Latest in the Ibrutinib patent saga is IPAB’s order maintaining the interim stay over the revocation of the anti-cancer drug patent. This comes at an interesting time, as a recent report by I-MAK suggests that US-based Biopharma Company AbbVie might be attempting to build a patent wall around Imbruvica (Ibrutinib’s market brand), having secured 88 patents out of 165 applications filed. Imbruvica currently generates a whopping $4.5 billion a year for AbbVie.
In India, Pharmacyclics LLC (owned by AbbVie) had been granted the patent in 2014 (IN 262968), against which Laurus Labs had filed a post-grant opposition under Section 25(2) of the Patents Act, 1970 the next year. The hearing was scheduled in November 2017, but was adjourned and rescheduled to 25th September 2019, before being ultimately held on 22nd November. Consequently, the patent was revoked on grounds of lack of inventive step in March 2020.
Pharmacyclics approached the IPAB and obtained an interim stay (the issues with this order have been discussed here). Laurus Labs filed a writ petition in the Delhi High Court (‘DHC’) arguing that the stay was a ‘non-speaking’ order and was told that it could seek a vacation of the interim order in IPAB. Subsequently, the current order was passed by IPAB Chairperson Justice Manmohan Singh and Dr. Onkar Nath Singh, the technical member for PVPAT, since the technical member for patent was yet to join (see para 9). This is despite the fact that when the IDMA had petitioned Delhi High Court over the long standing absence of a technical member for patents, it was observed that Shri B.P. Singh has been appointed as the technical member for patents by an order dated 21st July 2020 and would be joining shortly.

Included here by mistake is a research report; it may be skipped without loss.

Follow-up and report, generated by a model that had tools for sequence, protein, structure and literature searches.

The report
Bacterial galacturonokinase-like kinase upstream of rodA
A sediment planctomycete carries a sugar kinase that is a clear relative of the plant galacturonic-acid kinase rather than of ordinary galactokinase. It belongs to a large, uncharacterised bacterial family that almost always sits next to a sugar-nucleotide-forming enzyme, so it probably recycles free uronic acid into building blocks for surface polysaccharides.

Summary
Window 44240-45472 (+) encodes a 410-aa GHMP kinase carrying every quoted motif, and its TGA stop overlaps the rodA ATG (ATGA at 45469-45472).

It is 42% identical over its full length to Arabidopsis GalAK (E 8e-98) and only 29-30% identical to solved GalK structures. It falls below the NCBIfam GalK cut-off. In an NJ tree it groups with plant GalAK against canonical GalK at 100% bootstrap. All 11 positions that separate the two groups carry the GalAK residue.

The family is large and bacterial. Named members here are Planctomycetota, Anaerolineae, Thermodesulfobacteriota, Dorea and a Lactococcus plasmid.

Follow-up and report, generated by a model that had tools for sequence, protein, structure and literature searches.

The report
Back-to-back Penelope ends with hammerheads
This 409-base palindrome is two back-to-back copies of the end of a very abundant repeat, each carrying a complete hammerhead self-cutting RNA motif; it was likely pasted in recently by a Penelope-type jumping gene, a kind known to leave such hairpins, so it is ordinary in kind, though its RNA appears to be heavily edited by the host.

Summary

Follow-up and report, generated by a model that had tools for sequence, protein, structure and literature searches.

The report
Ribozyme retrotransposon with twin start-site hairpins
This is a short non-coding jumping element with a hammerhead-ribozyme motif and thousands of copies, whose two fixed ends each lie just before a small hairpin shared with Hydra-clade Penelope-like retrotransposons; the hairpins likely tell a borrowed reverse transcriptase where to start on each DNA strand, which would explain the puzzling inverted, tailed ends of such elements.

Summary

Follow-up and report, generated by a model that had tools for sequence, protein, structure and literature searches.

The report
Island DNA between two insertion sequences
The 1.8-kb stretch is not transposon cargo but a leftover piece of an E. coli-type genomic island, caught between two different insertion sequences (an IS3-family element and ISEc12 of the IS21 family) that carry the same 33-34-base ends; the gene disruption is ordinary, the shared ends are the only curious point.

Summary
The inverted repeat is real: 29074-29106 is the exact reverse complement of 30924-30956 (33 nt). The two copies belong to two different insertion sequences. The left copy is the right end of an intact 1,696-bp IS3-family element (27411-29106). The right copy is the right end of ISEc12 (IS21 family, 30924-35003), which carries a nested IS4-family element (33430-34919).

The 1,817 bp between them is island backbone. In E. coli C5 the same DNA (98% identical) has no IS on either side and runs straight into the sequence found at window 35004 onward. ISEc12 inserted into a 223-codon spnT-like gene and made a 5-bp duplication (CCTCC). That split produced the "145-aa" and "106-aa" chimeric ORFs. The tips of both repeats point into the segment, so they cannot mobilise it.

Three-factor test and Public Interest
Earlier this month Praharsh and Swaraj had raised concerns regarding courts’ lack of discussion of the three-pronged test while granting injunctions and interim orders. This order in the Ibrutinib case begins by emphasizing the necessity to make out those factors: a prima facie case, balance of convenience and irreparable injury. It goes on to devote a long discussion to whether a prima facie case exists and concludes in the affirmative. However, balance of convenience and irreparable injury are barely touched upon. For the latter, IPAB has reasoned that the interim order must continue for the parallel continuation of the infringement suits against Laurus Labs and third parties (such as this one).
Public interest – which becomes relevant because Ibrutinib is an anti-cancer drug – has not been discussed at all. A previous post on this blog explains the vast pricing differences between Pharmacyclics’ Imbruvica and Ibrutinib’s generic versions. In Roche v. Cipla, despite the fact that Roche had a valid patent, the price differential between the patented drug and the generic ones had been taken into consideration on account of restriction of public’s access to affordable medicine (Namratha has discussed this here). Given that the patent in question is a revoked one and there is no question of presumption of validity, it is surprising that such an important consideration did not even merit a discussion.
Why had the Revocation been Stayed?